Free safe driving course for foreigners in Rome

Increasing number of foreign drivers involved in road accidents in Italy

There are now more than three million vehicles registered to foreign nationals in Italy, an increase of 34 per cent over the past two years. The increased number of foreign drivers on Italy's roads has also led to an increase in the number of traffic accidents involving foreigners: up to 90 cases daily with an average of 141 injuried and 1.4 deaths per day.

The foreigners that record the most accidents are Romanians (4,753 cases), followed by Albanians (3,504), Moroccans (3,142), Chinese (1,215), Moldovans (735), Tunisians (700), Peruvians (678), Egyptians (675), Serbs (607) and Ecuadorians (586).

These numbers have prompted the Automobile Club d'Italia (ACI) to offer 3,000 foreigners the chance to participate in free safe driving classes at the Centro ACI-SARA di Vallelunga, near Rome.

On completing the course, which costs €400 for Italians but is free for foreigners, drivers are designated "Ambassadors for Road Safety”. Organisers say that a safe driving course reduces the probability of an accident by a third, as proved by Austria after it introduced an obligatory safe driving course within three years of drivers obtaining their license.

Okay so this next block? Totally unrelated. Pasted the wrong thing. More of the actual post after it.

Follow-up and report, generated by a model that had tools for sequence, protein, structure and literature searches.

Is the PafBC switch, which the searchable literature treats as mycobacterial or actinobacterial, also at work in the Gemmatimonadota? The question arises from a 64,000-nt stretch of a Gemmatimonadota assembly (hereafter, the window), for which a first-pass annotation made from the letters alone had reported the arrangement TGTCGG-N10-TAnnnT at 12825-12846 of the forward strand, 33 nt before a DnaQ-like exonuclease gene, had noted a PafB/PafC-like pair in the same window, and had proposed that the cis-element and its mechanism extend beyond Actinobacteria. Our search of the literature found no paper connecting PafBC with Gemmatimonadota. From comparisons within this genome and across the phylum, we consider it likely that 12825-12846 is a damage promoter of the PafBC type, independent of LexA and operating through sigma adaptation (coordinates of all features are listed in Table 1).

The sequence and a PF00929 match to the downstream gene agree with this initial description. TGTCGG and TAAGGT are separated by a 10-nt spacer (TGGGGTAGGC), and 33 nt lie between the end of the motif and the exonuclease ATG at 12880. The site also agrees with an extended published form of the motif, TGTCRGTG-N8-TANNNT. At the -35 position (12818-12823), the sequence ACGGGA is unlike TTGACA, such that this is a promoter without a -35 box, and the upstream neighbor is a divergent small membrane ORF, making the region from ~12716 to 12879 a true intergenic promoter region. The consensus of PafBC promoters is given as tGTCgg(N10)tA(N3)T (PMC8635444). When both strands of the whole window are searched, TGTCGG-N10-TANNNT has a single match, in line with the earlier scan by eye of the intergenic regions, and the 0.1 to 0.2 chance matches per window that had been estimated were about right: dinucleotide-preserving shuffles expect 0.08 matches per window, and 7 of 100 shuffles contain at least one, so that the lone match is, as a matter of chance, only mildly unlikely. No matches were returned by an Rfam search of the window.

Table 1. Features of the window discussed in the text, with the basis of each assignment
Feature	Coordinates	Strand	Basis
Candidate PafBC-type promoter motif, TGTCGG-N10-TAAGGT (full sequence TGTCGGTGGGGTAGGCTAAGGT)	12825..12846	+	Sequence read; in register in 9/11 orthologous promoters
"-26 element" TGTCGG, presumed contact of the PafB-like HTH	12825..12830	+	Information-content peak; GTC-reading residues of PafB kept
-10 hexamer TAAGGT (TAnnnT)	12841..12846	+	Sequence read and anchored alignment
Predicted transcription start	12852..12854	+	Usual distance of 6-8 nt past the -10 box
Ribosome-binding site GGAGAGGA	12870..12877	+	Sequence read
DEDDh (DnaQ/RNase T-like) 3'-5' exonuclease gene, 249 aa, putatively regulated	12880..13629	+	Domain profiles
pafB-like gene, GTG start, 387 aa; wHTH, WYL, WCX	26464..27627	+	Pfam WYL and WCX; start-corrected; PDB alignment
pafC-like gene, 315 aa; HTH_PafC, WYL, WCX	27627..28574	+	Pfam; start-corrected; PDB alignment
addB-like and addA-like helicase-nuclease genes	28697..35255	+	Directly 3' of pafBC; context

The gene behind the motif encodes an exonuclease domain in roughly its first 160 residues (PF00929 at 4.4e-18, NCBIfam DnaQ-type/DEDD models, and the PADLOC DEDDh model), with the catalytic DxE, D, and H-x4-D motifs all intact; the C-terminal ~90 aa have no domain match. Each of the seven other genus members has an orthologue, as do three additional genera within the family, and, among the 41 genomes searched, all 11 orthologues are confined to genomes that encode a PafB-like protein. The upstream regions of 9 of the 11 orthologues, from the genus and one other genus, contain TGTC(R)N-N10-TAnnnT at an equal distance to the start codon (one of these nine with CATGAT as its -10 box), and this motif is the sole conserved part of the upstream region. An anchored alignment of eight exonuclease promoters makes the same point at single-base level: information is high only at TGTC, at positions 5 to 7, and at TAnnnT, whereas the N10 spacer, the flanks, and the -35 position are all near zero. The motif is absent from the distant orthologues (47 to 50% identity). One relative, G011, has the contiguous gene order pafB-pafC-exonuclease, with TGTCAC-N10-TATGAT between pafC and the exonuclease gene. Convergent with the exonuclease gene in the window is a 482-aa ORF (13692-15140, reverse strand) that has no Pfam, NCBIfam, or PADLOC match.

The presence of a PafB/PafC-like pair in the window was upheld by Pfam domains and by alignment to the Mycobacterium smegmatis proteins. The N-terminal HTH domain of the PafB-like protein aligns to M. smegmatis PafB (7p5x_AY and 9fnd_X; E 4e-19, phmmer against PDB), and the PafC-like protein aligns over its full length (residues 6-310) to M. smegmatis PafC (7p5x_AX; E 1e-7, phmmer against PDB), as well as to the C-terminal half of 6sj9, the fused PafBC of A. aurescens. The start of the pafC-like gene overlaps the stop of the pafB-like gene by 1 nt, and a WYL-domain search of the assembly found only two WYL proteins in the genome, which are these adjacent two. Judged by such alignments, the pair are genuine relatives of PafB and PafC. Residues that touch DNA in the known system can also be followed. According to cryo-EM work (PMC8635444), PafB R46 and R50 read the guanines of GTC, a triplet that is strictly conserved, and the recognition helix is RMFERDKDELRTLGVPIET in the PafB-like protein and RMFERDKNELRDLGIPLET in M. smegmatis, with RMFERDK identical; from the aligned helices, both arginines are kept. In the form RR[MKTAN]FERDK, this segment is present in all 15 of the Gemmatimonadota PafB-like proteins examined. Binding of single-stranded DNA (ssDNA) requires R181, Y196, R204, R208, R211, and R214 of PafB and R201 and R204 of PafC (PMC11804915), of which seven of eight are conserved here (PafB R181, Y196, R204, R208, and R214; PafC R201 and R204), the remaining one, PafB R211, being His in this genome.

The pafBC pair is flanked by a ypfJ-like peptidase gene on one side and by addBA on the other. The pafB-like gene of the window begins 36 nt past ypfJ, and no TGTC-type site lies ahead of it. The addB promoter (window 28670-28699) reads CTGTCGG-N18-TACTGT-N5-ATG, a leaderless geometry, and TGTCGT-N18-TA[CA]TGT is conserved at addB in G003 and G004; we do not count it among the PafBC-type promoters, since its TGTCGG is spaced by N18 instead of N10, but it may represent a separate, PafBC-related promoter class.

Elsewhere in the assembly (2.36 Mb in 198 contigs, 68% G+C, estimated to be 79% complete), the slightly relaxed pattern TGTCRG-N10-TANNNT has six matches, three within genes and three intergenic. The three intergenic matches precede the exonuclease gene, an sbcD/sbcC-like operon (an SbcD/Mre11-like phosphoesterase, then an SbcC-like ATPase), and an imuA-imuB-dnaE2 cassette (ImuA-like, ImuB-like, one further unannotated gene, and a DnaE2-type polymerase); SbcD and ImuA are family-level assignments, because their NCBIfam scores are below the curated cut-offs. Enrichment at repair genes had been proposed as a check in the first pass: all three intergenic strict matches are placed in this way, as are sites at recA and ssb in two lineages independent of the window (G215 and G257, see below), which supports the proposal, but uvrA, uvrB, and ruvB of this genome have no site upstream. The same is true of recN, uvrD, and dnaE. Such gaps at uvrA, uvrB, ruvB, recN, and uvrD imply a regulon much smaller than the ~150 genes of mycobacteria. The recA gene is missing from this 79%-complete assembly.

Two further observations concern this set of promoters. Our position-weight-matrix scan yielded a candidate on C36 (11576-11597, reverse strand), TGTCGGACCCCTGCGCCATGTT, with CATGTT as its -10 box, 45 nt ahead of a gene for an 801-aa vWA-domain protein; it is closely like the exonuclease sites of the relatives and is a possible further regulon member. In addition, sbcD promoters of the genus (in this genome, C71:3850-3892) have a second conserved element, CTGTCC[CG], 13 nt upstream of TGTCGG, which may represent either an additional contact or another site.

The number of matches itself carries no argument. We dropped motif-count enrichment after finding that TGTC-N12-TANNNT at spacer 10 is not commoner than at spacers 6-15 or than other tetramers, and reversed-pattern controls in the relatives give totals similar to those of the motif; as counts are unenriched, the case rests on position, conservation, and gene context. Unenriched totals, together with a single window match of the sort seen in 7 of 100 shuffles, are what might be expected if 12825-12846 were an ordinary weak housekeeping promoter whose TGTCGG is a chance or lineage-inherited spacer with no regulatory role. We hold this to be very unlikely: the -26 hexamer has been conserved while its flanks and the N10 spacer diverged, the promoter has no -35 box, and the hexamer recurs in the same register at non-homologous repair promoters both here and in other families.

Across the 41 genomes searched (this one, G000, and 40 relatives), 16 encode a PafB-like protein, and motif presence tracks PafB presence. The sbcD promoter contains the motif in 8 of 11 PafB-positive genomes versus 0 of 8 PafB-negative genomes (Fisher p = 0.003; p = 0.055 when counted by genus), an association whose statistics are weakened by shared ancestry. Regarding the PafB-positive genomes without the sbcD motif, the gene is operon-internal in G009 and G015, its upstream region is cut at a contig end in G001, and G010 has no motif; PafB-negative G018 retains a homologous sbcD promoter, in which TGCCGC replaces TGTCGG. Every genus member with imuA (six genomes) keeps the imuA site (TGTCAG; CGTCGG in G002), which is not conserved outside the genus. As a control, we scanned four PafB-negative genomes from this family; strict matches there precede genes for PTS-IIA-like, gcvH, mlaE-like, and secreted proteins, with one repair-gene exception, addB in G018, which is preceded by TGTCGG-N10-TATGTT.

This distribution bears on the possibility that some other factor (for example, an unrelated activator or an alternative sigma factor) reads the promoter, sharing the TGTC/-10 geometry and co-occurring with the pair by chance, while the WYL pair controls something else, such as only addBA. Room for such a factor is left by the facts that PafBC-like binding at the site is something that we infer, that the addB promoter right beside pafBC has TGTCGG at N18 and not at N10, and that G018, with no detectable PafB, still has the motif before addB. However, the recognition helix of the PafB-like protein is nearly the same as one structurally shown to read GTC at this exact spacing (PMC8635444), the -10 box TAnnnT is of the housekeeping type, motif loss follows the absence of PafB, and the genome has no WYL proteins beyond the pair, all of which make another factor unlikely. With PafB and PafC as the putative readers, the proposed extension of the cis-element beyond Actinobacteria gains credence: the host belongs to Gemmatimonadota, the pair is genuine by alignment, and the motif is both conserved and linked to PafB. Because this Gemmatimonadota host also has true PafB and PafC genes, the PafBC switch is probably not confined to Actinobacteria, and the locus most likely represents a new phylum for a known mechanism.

The Rome course, which is sponsored by ACI and SARA Insurance, is open to foreigners who are resident in Italy and already possess full driving licenses.

A bus will collect drivers from various locations in Rome, including Termini station, returning them to the capital after the course, free of charge. For more details and to enroll, see website.

Wanted in Rome
Wanted in Rome
Wanted in Rome is a monthly magazine in English for expatriates in Rome established in 1985. The magazine covers Rome news stories that may be of interest to English and Italian speaking residents, and tourists as well. The publication also offers classifieds, photos, information on events, museums, churches, galleries, exhibits, fashion, food, and local travel.
Previous article Rome moves to save bus company
Next article Rome moves to save bus company